the same woman had appeared to us all three, and on inquiry from other occu-
pants we learned that it was a frequent apparition on the first night or so of the
house being occupied.

A native Hill, or Cashmere woman, very fair and handsome, had been
murdered some years before in a hut a few yards below the house, and
immediately under the door leading into the bath and dressing-room, through
which, on all three occasions, the figure had entered and disappeared. My son
sleeping in another side of the house never saw it.

I could give the names of some other subsequent occupants who have told
us much the same story.

Subsequently Sir Arthur Becher writes :

WINCHESTER, May \$th, 1884.

I write to say Lady Becher does not desire to write anything more person-
ally on the subject of the " Ghost Story " I before detailed, as she says my
account of it was given in connection with and entirely in accordance with her
recollection of the circumstances. The woman appeared to me in the night,
and in the ordinary light of a room without any blinds or shutters.

In answer to inquiries, he further tells us that the bath-room door was
locked on the inside ; that the rooms were on the ground floor ; but that



745B] TO CHAPTER VII 383

there was no exit but by the doors referred to. Also that the child had
certainly not heard of the ghost before he saw it.

745 B. From Proceedings S.P.R., vol. viii. p. 178. The following
narrative was sent to us with the true names, but with a request to conceal
them, and some local details, on account of the painful nature of the
incident described. Our informant, whom I will call Mrs. M., writes
under date December i5th, 1891.

Before relating my experience of having seen a ghost, I should like my
readers thoroughly to understand that I had not the slightest idea that the
house in which my husband and I were living was haunted, or that the family
residing there for many years before us had had any family troubles. The
house was delightfully situated [&c.]. The house being partly new and partly
old, we occupied the old part for our sleeping apartments. There were two
staircases leading to them, with a landing and window, adjoining a morning
sitting-room. One night on retiring to my bedroom about 11 o'clock, I thought
I heard a peculiar moaning sound, and some one sobbing as if in great distress
of mind. I listened very attentively, and still it continued ; so I raised the gas
in my bedroom, and then went to the landing window of which I have spoken,
drew the blind aside ; and there on the grass was a very beautiful young girl in
a kneeling posture before a soldier, in a general's uniform, sobbing, and clasp-
ing her hands together, entreating for pardon ; but, alas ! he only waved her
away from him. So much did I feel for the girl, that without a moment's
hesitation I ran down the staircase to the door opening upon the lawn, and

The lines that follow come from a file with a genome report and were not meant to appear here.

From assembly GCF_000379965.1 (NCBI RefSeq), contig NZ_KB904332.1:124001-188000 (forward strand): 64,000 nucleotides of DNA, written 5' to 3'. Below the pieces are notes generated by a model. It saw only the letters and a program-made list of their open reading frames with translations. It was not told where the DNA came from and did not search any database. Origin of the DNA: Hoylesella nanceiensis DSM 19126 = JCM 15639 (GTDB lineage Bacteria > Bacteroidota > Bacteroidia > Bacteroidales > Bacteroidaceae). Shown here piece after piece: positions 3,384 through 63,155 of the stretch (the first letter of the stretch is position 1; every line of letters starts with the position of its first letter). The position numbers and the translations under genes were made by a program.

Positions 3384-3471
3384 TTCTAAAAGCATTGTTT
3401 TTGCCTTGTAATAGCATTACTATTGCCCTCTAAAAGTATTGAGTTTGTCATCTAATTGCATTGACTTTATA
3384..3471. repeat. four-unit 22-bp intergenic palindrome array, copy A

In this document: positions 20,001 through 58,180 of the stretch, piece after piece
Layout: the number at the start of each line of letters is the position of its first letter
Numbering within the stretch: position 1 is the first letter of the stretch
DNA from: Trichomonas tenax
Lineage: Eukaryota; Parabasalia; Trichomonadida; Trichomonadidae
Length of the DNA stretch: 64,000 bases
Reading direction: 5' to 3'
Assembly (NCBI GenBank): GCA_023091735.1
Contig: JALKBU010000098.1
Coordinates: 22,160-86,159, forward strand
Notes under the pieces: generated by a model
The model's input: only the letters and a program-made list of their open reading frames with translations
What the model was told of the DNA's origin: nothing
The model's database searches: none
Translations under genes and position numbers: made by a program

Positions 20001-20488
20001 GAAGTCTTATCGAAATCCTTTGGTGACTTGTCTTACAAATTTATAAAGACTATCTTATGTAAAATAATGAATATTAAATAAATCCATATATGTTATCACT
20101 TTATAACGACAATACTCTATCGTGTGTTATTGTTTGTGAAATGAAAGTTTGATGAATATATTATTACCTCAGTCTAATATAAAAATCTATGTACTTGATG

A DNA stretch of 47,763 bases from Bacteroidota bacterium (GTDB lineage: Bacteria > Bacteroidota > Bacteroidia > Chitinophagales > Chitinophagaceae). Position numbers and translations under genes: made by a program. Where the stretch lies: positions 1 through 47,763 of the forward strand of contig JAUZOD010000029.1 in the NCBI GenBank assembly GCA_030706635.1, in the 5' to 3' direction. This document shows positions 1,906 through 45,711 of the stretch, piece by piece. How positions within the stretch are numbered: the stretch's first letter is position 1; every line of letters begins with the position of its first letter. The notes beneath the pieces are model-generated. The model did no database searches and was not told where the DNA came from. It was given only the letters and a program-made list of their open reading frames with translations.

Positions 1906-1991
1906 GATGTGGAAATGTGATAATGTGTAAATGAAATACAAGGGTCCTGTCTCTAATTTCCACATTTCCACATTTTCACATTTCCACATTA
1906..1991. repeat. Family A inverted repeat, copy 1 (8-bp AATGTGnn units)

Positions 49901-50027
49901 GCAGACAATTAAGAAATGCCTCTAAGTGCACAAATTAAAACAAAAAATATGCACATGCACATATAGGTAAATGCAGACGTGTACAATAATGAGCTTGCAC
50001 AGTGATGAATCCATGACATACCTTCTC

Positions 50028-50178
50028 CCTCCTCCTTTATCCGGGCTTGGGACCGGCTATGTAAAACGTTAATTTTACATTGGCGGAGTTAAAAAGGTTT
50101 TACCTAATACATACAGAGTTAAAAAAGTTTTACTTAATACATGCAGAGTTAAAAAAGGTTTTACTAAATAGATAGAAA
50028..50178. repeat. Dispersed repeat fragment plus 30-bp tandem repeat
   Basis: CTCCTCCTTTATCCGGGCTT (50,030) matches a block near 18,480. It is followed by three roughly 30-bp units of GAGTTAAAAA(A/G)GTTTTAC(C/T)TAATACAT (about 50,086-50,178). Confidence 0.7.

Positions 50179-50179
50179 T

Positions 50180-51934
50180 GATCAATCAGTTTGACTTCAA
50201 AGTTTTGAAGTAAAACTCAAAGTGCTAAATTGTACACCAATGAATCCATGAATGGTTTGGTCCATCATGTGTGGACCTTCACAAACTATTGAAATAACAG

begged her to come in and tell me her sorrow. The figures then disappeared !
Not in the least nervous did I feel then ; went again to my bedroom, took a
sheet of writing-paper and wrote down what I had seen. [Mrs. M. has found
and sent us this paper. The following words are written in pencil on a half
sheet of notepaper: " March I3th, 1886. Have just seen visions on lawn : a
soldier in general's uniform, a young lady kneeling to him. 11.40 P.M."]
My husband was away from home when this event occurred, but a lady friend
was staying with me, so I went to her bedroom and told her that I had been
rather frightened with some noises ; could I stay with her a little while ? A few
days afterwards I found myself in a very nervous state ; but it seemed so
strange that I was not frightened at the time.

It appears the story is only too true. The youngest daughter of this very
old, proud family had had an illegitimate child ; and her parents and relatives
would not recognise her again, and she died broken-hearted. The soldier was
a near relative (also a connection of my husband's) ; and it was in vain she
tried to gain his the soldier's forgiveness. [ In a subsequent letter Sir X. Y.'s
career is described. He was a distinguished officer.]

So vivid was my remembrance of the features of the soldier that some
months after the occurrence, when I happened to be calling with my husband at
a house where there was a portrait of him, I stepped before it and said : " Why,
look ! There is the General ! " And sure enough it was.

In a subsequent letter Mrs. M. writes :

I did see the figures on the lawn after opening the door leading on to the
lawn : and they by no means disappeared instantly, but more like a dissolving
view, viz , gradually; and I did not leave the door until they had passed away.



3 8 4 APPENDICES [745 C

It was impossible for any real persons to act such a scene. . . . The General



Online LibraryFrederic William Henry MyersHuman personality : and its survival of bodily death (Volume 2) → online text (page 51 of 89)